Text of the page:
HOME > Chowhound > Gardening >

Discussion

Is there a "best way" to harvest basil?

  • CindyJ Jul 18, 2012 10:13 AM
  • 15
  • Share

My basil is doing beautifully this year. I've got about 6-7 plants in containers on my deck. When I go out to snip some, I never know whether it's better to snip fewer stems at a point further down, or more stems just from the tops of the plants. I'm trying to stop them from flowering these days, so I'm tempted to snip from the tops, but my long-term goal is to keep my plants prolific until tomato season is over. Any advice?

  1. Click to Upload a photo (10 MB limit)
Delete
Posting Guidelines | FAQs | Feedback
Cancel
  1. I was waiting to see what others said, but I'll go ahead and put my 2 cents in. The main thing is to keep the blooms from forming and as long as you're diligent with that, you should be okay. Isn't fresh basil a wonderful thing?

    1. I agree; just keep if from blooming.

      1. Eventually the plant will bloom. I have basil growing in just one small pot, wasn't using it regularly so it became leggy and flowered. I just ignored it, though I did keep it well watered. Once the stems became woody I figured it was a lost cause and cut off all but the bottom three inches or so of woody stem and planned on replacing that with a new plant. Much to my surprise within a few weeks these seemingly dead woody stems have sprouted lots of new growth. So depending in your climate, even when your basil seems spent, you may be able to get a whole new robust plant.

        3 Replies
        1. re: janniecooks

          Ahhh... don't'cha love it?

          1. re: janniecooks

            Yeah...the plant becoming woody is not necessarily a sign that it's gone. I've seen fairly woody basil plants continually resprout and be good for sustained harvesting, and I've also seen basil plants with tender stems flower and either die down or go unpleasantly bitter.

            1. re: cazort

              I've been growing basil either in my garden or in containers since....well never mind that. In all that time it never occurred to me that new growth might sprout from apparently dried up dead stems - that's what the woody stems looked like to me. And the woody stems usually occurred at the end of summer, when I would clean them up along with the rest of the garden detritus. I learned something new by being lazy and not replacing what I thought was a spent plant. Such a pleasant surprise.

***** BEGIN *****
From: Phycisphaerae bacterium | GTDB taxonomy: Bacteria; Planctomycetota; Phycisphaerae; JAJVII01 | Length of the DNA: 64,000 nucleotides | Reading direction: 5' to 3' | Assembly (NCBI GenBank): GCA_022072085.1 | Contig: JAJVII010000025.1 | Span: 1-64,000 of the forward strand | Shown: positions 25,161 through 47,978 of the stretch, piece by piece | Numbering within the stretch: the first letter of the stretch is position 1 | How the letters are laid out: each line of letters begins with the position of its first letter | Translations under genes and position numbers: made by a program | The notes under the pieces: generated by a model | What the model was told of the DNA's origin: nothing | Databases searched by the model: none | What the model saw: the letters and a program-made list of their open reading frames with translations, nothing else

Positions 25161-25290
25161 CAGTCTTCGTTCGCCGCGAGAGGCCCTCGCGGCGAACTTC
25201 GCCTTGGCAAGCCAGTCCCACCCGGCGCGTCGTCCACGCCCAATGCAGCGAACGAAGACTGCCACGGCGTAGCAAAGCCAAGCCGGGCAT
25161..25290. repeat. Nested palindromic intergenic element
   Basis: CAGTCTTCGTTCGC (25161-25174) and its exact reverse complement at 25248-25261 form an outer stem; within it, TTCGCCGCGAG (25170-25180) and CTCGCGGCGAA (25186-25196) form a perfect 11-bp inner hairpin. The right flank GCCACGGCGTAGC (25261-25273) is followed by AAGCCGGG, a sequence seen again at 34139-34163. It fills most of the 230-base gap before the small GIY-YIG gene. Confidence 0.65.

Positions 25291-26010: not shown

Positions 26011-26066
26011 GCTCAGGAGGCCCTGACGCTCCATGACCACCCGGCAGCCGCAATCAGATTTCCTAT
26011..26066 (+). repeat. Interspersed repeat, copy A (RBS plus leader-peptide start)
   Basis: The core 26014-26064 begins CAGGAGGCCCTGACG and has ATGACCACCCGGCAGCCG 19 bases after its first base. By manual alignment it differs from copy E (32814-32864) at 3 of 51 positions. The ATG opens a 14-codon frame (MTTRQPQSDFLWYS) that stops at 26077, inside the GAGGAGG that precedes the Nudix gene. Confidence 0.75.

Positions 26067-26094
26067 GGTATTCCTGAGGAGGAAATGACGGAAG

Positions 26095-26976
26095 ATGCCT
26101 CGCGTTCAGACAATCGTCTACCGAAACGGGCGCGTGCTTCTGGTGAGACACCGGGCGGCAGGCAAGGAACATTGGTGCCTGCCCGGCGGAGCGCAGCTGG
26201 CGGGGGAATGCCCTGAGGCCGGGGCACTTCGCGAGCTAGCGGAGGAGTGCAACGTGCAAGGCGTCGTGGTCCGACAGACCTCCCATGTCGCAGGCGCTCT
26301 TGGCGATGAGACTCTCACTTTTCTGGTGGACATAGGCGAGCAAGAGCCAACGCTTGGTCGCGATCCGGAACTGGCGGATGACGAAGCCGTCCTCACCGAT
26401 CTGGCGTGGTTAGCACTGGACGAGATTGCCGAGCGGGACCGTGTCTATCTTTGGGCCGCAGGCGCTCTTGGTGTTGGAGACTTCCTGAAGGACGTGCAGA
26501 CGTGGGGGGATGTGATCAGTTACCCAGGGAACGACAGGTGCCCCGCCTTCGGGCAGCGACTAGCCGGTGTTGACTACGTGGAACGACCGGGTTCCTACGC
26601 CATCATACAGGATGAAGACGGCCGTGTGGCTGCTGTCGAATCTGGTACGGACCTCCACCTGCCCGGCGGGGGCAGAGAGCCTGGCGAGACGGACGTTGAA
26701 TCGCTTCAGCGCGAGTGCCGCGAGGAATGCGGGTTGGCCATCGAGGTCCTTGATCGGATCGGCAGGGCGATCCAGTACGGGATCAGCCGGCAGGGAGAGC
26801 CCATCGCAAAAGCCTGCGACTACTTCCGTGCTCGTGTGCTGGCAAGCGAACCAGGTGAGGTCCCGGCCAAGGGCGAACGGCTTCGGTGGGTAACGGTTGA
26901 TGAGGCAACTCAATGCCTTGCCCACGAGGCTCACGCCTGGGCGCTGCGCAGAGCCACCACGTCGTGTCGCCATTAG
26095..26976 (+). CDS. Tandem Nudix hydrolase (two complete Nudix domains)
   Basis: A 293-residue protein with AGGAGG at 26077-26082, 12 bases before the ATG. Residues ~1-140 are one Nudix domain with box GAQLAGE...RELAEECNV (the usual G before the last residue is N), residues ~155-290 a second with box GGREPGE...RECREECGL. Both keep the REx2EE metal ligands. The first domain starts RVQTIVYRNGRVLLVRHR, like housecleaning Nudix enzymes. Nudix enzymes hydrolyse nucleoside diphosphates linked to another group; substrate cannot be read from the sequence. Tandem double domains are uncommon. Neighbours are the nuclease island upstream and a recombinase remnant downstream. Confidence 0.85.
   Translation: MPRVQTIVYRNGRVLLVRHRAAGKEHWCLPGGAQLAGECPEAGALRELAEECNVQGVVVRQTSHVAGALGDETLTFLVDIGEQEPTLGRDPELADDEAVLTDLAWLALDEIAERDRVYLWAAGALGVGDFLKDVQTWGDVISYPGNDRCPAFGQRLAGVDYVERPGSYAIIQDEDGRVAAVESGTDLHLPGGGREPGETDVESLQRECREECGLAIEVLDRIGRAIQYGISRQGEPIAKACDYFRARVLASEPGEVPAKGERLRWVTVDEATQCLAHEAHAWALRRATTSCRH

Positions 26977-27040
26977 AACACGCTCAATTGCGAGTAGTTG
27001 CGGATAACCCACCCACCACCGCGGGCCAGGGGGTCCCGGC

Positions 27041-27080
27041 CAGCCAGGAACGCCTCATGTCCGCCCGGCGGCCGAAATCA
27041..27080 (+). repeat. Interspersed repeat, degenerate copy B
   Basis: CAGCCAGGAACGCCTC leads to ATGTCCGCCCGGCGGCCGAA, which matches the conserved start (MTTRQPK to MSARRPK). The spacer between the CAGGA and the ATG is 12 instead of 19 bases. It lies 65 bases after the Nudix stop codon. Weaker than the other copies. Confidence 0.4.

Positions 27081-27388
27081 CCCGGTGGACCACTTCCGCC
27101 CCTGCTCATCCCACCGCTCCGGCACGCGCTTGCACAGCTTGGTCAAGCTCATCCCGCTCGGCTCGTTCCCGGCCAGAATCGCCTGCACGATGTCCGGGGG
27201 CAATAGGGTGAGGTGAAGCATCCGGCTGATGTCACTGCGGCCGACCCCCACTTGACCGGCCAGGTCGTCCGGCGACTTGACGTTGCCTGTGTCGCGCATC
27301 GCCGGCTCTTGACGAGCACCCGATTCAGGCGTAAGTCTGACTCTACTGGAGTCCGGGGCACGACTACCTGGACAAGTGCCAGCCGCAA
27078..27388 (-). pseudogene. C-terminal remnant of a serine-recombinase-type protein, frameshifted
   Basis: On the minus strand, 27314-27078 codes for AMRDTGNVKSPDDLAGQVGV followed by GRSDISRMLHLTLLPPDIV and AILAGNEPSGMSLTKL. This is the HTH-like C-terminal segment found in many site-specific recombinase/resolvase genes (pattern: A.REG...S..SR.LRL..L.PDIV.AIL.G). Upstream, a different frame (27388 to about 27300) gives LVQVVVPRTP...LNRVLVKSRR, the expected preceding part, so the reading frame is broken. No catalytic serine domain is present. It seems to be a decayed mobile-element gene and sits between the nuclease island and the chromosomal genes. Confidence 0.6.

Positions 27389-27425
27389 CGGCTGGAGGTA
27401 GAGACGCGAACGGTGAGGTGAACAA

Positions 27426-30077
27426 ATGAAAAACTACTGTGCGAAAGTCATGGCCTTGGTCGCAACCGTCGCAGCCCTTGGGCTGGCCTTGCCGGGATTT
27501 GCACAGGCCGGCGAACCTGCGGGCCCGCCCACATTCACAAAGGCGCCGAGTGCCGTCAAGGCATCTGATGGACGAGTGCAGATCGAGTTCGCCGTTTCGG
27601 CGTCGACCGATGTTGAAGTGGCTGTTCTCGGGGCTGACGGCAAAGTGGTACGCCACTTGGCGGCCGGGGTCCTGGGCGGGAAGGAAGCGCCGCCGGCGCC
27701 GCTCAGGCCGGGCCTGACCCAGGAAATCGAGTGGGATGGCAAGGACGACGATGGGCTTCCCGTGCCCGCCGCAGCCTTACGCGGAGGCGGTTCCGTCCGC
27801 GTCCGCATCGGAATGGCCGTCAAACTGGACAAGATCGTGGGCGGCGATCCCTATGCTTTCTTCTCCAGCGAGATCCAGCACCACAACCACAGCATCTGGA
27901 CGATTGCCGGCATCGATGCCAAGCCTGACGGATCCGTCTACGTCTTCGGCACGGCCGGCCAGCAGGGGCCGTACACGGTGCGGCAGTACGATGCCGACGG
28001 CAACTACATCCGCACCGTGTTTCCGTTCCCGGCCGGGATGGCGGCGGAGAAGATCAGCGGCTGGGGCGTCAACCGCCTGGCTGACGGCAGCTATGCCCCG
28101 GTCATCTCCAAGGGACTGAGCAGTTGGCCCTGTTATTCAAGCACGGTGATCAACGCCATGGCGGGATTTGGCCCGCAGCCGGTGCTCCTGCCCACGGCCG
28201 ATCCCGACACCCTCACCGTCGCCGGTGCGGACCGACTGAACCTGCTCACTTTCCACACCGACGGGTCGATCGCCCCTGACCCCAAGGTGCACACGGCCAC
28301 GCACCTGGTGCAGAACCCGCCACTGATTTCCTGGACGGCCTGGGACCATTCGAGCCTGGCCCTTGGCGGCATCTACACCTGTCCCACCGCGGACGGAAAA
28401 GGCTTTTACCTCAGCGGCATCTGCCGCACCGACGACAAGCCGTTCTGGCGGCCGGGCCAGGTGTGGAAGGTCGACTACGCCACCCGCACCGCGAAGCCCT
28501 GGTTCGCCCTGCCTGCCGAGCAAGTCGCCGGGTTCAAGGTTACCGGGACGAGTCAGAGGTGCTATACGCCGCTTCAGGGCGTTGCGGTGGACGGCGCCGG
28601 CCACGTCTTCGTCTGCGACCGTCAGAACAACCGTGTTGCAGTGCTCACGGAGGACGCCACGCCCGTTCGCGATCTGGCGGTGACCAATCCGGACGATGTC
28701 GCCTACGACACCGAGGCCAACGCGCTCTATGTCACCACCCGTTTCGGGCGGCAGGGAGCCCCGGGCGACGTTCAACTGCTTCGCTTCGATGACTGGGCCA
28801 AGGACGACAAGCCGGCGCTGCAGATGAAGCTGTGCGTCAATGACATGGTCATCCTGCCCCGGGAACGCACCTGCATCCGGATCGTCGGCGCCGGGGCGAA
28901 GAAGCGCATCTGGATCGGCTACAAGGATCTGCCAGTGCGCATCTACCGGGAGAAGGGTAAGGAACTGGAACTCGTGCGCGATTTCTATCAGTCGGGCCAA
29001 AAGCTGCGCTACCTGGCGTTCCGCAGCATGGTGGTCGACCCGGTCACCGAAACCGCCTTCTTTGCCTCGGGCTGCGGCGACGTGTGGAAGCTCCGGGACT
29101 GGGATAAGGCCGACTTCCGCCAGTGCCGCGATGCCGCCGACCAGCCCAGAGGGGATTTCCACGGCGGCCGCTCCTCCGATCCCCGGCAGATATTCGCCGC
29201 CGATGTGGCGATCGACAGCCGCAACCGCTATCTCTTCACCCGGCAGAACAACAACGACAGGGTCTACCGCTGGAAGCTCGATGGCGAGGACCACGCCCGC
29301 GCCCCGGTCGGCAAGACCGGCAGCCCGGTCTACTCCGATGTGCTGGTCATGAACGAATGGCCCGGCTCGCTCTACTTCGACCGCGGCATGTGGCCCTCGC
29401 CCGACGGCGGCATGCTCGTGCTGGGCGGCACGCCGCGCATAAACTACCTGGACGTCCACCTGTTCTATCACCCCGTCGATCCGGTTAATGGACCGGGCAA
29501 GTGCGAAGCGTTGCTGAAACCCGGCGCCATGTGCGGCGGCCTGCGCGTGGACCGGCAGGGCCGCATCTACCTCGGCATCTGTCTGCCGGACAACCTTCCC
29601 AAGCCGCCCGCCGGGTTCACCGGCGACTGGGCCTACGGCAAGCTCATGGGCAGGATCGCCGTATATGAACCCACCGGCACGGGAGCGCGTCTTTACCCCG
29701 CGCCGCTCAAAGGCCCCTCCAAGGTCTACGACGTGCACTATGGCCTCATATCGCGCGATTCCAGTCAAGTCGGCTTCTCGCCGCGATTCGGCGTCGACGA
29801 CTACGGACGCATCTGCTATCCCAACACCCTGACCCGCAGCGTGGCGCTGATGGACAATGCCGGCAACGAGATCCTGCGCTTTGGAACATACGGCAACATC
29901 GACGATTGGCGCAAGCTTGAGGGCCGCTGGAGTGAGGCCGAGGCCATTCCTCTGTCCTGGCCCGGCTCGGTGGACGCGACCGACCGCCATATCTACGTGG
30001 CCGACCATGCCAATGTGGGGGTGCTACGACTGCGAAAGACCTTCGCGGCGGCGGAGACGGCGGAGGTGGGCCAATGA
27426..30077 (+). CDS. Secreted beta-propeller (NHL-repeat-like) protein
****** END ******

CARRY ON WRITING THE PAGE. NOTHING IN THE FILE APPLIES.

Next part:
2. I read somewhere that you should snip towards the top, just above a set of leaves as that promotes more leaf growth. I've been doing that for the past month and have noticed my basil is growing fuller now.

            2 Replies
            1. re: boogiebaby

              +1. I also try to use larger leaves that block lower branches first when I just need a few leaves for a salad.

              1. re: Crockett67

                The larger leaves, grown in low light, can also be more tender. Although basil tends to be a light-loving plant and cannot take as much shade as many herbs, I find that if the leaves are too tough, growing it in a slightly shadier location increases the size of the leaves and makes them thinner and more tender.

            2. When the first few leaves are ready to take I'm out on the deck with a pair of fine scissors cutting my leaves off just so. By this time of year I'm more in the "whack it off" mode with pruning shears.

              1. I was taught to just pinch the leaves off of the stems, not to actually cut the stems.

                2 Replies
                1. re: Njchicaa

                  Interesting. How does the plant grow in response to the leaf-pinching?

                  1. re: CindyJ

                    I've found that if you pinch off the stem, it often sprouts out and grows bushier, whereas if you just pluck off individual leaves, it often gets leggy.

                2. I go for more stems, less on each stem, thus keeping the plant somewhat bushy and each stem roughly the same length. Don't know if that is the *right* way but it serves to prevent flowering on the entire plant and keeps the plant manageable in size. Also, I think the top most leaves, the older ones, have more flavor.

                  1. Definitely clip stems from the top - as long a stem as you need. This will not only help to longer stave off the plant flowering, but will also make it bushier as it sends up more stems in the hope of getting to flower & produce seed.

                    Always keep in mind that producing seed is any annual's driven quest. Once the plant flowers & seed is produced,new leaf production pretty much stops entirely.